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Should employers prescribe vaccinations?
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Because almost all adults are nearly eligible to receive the Covid-19 vaccine, companies are doing their part to motivate the masses.

Krispy Kreme Donuts offers everyone with evidence of Covid vaccination a free monk day by day throughout the year.

In Cleveland, Chagrin Cinemas will be distributing free popcorn to movie theaters with a vaccination card until the end of April, and Market Garden Brewery is offering 10-cent beer to the first 2021 adults to bring the card ready.

The Arizona Mint pharmacy offered free cannabis to eat to anyone who had one or both shots during March.

And the Walled Lake Greenhouse, a marijuana pharmacy in Walled Lake, Michigan, gives everyone over the age of 21 a free pre-rolled joint for a vaccination certificate. The “Pot for Shots” campaign is “a way to say thank you for helping end this pandemic and getting us back to normal,” the pharmacy said.

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In an attempt to sweeten the deal for its own workers, Bangor Savings Bank said it recently paid $ 500 to vaccinated workers.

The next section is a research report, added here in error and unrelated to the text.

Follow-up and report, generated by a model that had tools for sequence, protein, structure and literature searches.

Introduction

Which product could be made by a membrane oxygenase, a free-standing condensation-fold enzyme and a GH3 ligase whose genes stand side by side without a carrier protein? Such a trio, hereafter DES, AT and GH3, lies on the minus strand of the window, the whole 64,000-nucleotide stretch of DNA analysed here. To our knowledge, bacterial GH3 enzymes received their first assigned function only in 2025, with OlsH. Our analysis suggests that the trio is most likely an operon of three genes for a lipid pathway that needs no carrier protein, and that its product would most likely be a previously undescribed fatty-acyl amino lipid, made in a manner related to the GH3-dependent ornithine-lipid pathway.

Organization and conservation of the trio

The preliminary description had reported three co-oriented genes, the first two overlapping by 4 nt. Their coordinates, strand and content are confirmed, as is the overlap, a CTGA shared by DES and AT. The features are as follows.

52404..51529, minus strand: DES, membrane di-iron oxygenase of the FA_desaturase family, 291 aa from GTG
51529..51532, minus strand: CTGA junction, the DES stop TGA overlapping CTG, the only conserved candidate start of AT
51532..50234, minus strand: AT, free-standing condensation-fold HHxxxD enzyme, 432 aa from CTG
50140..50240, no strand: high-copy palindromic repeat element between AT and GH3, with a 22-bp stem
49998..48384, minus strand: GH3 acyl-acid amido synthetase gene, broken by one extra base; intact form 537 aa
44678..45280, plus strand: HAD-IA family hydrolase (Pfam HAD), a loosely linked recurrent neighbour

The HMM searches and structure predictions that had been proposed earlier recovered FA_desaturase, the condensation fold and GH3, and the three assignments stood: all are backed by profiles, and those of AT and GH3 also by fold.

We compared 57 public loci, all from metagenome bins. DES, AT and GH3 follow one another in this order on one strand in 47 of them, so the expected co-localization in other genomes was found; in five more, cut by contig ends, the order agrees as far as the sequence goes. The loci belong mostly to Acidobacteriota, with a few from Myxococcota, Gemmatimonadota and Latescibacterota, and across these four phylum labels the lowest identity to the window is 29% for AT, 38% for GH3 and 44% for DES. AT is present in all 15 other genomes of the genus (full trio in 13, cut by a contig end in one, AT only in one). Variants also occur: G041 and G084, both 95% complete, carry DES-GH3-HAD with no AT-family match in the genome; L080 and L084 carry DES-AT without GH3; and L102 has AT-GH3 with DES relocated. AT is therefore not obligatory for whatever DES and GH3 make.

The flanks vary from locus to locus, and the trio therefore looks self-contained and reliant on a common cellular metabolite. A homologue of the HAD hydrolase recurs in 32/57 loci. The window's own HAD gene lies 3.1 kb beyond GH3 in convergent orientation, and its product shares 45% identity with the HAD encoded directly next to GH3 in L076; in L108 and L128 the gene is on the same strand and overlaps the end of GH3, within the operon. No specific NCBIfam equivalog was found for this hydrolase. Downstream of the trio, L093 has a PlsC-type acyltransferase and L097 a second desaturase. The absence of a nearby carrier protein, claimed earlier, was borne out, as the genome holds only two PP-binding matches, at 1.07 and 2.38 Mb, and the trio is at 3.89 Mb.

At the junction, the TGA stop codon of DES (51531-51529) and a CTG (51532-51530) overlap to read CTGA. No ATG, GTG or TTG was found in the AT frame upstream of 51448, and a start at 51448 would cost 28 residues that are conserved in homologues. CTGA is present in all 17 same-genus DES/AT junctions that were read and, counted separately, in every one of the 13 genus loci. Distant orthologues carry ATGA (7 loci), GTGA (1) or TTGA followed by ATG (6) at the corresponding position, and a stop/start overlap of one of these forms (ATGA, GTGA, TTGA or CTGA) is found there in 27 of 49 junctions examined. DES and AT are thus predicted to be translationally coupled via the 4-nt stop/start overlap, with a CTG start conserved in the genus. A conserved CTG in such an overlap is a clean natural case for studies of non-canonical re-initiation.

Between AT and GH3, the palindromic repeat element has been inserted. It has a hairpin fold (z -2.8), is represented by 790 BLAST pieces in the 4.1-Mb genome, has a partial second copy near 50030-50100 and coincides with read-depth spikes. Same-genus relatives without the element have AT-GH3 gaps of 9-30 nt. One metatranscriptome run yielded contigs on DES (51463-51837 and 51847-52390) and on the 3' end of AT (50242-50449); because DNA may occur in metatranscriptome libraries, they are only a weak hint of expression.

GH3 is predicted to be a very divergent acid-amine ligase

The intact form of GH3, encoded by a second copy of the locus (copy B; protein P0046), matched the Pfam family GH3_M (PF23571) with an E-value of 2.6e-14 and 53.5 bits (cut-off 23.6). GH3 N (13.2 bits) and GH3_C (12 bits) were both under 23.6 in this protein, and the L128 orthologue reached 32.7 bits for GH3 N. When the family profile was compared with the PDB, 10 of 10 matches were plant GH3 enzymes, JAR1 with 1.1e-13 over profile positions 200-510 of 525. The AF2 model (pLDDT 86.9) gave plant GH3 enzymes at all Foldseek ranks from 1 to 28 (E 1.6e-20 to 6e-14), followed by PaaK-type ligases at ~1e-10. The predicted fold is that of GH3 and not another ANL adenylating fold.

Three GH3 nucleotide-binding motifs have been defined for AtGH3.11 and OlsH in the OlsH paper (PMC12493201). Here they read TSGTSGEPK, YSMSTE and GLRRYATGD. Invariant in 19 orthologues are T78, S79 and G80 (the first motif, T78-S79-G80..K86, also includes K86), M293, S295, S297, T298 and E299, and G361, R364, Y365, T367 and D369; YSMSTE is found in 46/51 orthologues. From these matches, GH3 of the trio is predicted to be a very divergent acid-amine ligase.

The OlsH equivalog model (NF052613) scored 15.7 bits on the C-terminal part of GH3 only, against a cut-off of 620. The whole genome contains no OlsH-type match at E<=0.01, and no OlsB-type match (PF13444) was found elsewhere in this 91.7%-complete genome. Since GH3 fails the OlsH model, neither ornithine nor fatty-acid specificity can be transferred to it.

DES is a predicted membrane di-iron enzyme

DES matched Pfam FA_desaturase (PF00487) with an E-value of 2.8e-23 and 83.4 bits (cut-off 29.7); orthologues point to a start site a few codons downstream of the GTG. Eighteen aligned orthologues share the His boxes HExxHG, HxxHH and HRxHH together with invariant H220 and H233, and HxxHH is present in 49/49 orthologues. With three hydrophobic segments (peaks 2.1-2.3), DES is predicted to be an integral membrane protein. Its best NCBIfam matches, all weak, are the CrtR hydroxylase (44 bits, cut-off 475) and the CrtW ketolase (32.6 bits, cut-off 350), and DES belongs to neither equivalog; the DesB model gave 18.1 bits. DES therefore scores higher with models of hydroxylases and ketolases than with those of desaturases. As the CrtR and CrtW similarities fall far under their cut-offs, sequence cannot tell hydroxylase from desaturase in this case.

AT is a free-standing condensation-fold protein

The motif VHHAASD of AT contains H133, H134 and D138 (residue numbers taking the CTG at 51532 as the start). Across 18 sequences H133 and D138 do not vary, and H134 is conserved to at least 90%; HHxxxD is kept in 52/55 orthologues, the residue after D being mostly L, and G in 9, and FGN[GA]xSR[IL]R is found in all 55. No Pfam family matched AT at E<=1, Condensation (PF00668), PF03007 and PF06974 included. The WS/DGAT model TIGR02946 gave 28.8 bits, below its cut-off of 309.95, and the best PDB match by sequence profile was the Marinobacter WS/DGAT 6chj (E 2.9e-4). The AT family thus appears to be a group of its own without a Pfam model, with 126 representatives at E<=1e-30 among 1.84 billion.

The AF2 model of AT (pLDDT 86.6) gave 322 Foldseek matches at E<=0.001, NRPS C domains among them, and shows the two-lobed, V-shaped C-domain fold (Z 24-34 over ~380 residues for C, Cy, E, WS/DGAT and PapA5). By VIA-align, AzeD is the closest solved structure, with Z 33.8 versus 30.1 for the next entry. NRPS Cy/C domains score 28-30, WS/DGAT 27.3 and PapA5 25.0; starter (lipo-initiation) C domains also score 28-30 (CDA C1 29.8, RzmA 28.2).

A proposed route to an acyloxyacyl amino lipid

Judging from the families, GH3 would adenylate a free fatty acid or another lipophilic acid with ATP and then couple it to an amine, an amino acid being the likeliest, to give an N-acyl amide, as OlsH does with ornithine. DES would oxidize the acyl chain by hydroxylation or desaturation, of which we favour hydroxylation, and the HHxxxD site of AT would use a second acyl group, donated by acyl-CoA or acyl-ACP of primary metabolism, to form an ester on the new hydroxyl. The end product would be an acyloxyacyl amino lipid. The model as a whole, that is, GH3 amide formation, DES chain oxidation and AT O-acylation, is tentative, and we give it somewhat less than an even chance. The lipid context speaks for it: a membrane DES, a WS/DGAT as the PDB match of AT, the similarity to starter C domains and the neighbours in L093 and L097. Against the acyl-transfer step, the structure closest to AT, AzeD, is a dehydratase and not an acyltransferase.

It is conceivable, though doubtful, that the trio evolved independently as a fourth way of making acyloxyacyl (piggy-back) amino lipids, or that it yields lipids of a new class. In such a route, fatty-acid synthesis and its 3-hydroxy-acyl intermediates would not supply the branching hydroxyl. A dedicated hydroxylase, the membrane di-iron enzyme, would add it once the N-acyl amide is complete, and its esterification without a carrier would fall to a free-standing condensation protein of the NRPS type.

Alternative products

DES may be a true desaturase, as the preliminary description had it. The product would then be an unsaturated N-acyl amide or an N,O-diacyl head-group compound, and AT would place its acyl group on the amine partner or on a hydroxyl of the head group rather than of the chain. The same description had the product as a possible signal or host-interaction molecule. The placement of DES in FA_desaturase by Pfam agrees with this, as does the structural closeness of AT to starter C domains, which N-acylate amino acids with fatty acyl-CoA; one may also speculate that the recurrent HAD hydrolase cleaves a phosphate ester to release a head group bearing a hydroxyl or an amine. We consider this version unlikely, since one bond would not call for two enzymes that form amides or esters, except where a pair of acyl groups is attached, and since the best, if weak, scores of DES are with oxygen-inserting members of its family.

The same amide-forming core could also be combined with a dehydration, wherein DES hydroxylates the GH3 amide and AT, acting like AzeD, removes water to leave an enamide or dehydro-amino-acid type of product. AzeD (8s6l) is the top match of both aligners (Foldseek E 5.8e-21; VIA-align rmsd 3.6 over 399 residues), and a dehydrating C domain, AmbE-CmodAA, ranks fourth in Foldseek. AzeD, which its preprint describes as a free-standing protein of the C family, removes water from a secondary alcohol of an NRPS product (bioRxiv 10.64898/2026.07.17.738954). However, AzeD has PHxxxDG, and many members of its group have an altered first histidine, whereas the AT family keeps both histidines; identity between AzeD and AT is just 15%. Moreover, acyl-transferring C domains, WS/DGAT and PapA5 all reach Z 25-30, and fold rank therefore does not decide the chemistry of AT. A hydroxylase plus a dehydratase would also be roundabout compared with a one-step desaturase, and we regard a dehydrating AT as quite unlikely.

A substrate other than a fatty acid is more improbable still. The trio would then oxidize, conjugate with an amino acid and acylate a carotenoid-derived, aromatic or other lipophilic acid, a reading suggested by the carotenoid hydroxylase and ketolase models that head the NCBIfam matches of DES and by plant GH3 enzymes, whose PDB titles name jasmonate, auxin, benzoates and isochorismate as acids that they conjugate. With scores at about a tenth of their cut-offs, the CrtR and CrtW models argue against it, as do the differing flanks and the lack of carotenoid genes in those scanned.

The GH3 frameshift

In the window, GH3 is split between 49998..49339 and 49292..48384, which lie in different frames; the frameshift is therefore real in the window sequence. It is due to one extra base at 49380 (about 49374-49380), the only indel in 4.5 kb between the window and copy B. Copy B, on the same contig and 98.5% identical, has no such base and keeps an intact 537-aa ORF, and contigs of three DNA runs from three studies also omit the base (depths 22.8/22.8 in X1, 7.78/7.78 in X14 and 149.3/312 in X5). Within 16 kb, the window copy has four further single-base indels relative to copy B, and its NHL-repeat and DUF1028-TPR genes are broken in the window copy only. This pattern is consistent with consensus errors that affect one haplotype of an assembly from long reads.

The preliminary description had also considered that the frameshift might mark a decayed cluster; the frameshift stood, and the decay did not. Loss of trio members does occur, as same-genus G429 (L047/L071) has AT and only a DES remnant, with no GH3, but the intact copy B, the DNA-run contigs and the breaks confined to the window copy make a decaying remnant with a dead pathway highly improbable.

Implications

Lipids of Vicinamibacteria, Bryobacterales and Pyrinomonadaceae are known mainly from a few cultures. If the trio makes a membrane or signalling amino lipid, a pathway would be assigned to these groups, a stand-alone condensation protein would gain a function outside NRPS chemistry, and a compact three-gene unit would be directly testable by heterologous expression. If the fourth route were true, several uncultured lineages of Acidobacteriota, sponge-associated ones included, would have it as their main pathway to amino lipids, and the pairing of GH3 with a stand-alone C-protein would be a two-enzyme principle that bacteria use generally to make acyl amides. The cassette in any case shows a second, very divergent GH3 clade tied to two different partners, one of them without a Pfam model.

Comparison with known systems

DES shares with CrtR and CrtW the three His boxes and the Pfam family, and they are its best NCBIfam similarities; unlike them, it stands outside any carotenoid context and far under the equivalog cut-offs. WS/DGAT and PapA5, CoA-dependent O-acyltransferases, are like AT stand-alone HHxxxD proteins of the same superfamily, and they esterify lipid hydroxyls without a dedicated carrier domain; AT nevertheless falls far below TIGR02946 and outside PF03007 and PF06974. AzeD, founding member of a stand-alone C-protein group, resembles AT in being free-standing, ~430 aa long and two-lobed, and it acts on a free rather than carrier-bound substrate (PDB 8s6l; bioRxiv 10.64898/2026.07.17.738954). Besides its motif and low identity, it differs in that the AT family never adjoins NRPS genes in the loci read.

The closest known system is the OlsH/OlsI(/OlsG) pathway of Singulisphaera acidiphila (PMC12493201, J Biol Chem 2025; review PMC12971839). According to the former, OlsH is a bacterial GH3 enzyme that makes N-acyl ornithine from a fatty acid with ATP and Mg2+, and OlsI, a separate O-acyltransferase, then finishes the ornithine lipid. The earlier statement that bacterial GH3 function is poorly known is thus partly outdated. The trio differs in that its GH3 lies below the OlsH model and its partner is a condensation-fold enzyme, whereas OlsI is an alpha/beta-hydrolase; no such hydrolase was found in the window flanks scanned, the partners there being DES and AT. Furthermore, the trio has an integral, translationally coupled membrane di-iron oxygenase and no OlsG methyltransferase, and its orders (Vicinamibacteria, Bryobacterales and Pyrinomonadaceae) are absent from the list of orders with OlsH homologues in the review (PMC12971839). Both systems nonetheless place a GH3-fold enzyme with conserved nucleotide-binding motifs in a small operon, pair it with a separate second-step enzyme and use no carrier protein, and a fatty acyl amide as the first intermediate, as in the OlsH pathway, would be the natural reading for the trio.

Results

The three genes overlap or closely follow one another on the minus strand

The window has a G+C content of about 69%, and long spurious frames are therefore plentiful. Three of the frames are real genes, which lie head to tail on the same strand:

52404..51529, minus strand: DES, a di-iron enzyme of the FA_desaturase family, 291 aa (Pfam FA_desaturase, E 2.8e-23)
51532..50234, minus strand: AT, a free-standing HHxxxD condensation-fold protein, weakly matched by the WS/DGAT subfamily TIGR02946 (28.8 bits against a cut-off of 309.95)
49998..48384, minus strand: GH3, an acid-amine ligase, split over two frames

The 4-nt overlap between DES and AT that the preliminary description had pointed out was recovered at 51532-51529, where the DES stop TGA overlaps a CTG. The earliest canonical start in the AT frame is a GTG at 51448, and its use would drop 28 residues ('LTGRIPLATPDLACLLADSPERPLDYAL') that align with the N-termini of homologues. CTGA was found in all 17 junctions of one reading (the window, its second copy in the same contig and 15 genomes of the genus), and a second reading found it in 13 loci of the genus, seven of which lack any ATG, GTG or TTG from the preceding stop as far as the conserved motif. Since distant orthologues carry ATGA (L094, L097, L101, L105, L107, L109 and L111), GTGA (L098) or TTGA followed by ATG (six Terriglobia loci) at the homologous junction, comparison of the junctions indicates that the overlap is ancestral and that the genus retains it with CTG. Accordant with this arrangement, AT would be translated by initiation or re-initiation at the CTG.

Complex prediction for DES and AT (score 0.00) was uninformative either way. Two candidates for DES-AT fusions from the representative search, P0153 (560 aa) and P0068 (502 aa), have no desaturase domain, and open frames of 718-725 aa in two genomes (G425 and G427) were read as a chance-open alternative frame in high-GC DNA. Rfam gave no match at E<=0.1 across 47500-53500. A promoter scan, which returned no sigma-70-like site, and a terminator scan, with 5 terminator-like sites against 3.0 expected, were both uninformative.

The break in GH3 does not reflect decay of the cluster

Employers like AT&T, Instacart, Target, Trader Joe’s, Chobani, Petco, Darden Restaurants, McDonald’s and Dollar General are on the growing list of other companies that give employees vacation and extra money to get the Covid-19 vaccine.

AutoZone also offers a one-time $ 100 incentive to get shots.

Kroger grants employees a $ 100 trade credit and a $ 100 one-time fee for taking the vaccine. Publix said it will give its partners a $ 125 gift card to use in the store once they have received both portions.

Nearly a quarter of employed Americans who probably or surely won’t get vaccinated would consider getting their shots if they are offered a cash bonus or scholarship, according to a report by the Society for Human Resource Management.

However, according to the latest calculation, 88% of organizations are insecure or have no plans to provide any incentives to promote vaccinations.

More than nine out of ten employees said their employers did not offer incentives or did not know if they could be, the report also found.

But that’s likely to change, according to Amber Clayton, director of the Knowledge Center at Human Resource Management.

As vaccines become more available and employers try to return to business, we will see more companies offering incentives, he said.

While the glazed monk is unlikely to tip the scales, “they make a statement and support vaccinations,” Clayton said.

A separate survey by Blackhawk Network showed that this strategy could be effective.

More than two-thirds of employees said they would accept a financial incentive ranging from as much as $ 10 to as much as $ 1,000. A third said they would be vaccinated for $ 100 or less.

Most said money was the best motivator, and paid time was far from another option. The Blackhawk Network surveyed more than 2,000 adults in January.

If your company offers a free offer or an added vaccination certificate, please email me at [email protected]

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